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Shopping for a Mortgage: What You Need to Know

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As a consumer in today’s marketplace you need to arm yourself with information to avoid being taken advantage of. This is true whether you’re shopping for a refrigerator or a mortgage loan. Just like that refrigerator your mortgage loan comes with different options from a variety of different lenders. If you’re a regular reader of this mortgage blog these options are familiar to you. Basic options include: prepaying points, escrow waiver, and a pre-payment penalty.

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Points are a fee paid at closing to acquire a lower interest rate. A point is typically 1% of the loan amount. For example, 1 point on a $100,000 mortgage is $1000. The more points you prepay, the better your interest rate will be. Paying points is similar to a down payment; you are paying this fee so your monthly mortgage payment will be smaller and you’ll pay less interest over the life of the mortgage. The longer you stay in your home the more you’ll benefit from paying points.

Like any other good thing there is a negative twist to points on a mortgage. Negative points, sometimes cleverly disguised as “rebates” are payments to you from lender. For this “rebate” you pay a higher interest rate. You can use this cash at closing to pay your closing costs. If you’re cash poor this could be an attractive offer; however, you will end up paying back a great deal more in interest payments over the life of the loan. Obviously the longer you stay in this mortgage loan the more you will pay for the rebate.

Generally speaking, if you plan on staying in your home for at least 5 years, prepaying points on your mortgage is a sound investment. Stay away from negative points as they will hurt you in the long run unless you will sell or refinance within three years. Different lenders will offer you different deals based on the same number of points paid. Be sure and shop around from a variety of mortgage lenders to ensure you get the best deal for your prepayment dollar.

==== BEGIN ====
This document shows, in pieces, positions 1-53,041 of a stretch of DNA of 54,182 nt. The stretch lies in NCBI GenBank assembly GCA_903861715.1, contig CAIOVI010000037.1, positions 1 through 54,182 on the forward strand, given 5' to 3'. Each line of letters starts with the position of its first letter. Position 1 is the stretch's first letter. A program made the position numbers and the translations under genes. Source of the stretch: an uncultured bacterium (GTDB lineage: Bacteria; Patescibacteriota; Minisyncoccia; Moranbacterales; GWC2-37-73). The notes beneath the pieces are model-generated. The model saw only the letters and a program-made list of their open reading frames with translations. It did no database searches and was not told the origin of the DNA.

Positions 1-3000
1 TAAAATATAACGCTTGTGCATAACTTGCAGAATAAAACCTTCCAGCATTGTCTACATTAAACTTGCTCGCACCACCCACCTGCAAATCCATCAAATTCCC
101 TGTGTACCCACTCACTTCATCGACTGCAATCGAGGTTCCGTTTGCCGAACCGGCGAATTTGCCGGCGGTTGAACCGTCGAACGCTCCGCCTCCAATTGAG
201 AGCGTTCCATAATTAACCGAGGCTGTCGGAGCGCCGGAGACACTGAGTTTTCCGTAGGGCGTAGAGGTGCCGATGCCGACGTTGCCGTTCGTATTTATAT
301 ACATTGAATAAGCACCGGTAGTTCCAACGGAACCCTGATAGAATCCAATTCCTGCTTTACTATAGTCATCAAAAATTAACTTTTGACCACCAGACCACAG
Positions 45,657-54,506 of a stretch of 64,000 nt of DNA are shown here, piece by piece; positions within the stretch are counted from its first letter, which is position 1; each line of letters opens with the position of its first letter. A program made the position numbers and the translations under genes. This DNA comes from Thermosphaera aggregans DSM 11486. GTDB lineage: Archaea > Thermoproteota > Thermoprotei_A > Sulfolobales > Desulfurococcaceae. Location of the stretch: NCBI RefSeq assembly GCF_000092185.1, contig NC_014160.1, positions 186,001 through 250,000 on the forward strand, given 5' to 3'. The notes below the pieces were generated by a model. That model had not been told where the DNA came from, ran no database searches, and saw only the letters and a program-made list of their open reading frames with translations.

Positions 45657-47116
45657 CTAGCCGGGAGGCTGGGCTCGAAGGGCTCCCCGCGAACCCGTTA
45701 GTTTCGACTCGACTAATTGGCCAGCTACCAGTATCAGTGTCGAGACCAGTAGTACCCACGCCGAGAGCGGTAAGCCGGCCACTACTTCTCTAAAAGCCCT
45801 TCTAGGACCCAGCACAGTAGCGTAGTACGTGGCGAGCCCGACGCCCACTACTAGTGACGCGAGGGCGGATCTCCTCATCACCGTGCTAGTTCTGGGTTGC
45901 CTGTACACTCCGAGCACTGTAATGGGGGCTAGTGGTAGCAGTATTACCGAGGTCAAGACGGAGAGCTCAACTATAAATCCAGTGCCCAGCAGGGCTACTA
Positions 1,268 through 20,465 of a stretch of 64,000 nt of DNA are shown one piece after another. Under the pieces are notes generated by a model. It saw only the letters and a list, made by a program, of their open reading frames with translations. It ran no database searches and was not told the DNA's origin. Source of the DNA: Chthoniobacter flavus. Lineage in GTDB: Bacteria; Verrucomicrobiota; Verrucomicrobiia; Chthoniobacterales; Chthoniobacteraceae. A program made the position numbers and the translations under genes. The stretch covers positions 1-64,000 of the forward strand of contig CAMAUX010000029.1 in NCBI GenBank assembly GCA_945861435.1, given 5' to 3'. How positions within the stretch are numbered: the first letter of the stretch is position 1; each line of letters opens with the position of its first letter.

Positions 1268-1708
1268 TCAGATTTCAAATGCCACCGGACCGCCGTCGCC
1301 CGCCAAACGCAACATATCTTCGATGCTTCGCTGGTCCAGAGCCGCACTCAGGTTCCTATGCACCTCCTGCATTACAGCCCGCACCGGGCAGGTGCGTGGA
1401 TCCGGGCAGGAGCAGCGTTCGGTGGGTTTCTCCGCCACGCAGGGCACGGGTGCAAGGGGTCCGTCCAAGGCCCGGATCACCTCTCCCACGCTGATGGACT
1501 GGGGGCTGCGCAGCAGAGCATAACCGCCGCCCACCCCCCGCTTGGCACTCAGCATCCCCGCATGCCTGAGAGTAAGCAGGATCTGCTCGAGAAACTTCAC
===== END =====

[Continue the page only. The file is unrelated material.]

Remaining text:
Another option to consider when choosing a mortgage lender is whether or not they will waive escrow on your loan. Many lenders require that the property taxes and homeowners insurance premiums are paid in escrow. Escrow is a third party that makes these payments for you at a premium paid by you. Not paying this premium can be an advantage if you are able to make these payments yourself. Many escrow companies are notoriously unreliable; this can cause a real nightmare for the homeowner. If you have a down payment or prepay sufficient points you may be able to talk your lender into waiving their escrow account requirements.

The final option we’ll discuss here is the pre-payment penalty. This prepayment penalty is a clause in your mortgage contract that gives the lender the right to charge you a fee if you pay the mortgage off before the end of the loan’s term. These penalties usually only apply to the first five years of the mortgage loan; however, it could discourage you from refinancing if a better mortgage deal comes along. If you’re using a sub-prime lender for credit reasons you?ll most likely be stuck with this penalty. If you finance your mortgage with a traditional mortgage lender this is an option you can take to the bargaining table. If you’re not interested in taking this option with your loan you may be able to barter for a lower interest rate by accepting the pre-payment clause.

Remember, bartering for options on your mortgage is completely negotiable. It pays to be a shrewd consumer; this is true whether you’re shopping for a refrigerator or a home mortgage loan.

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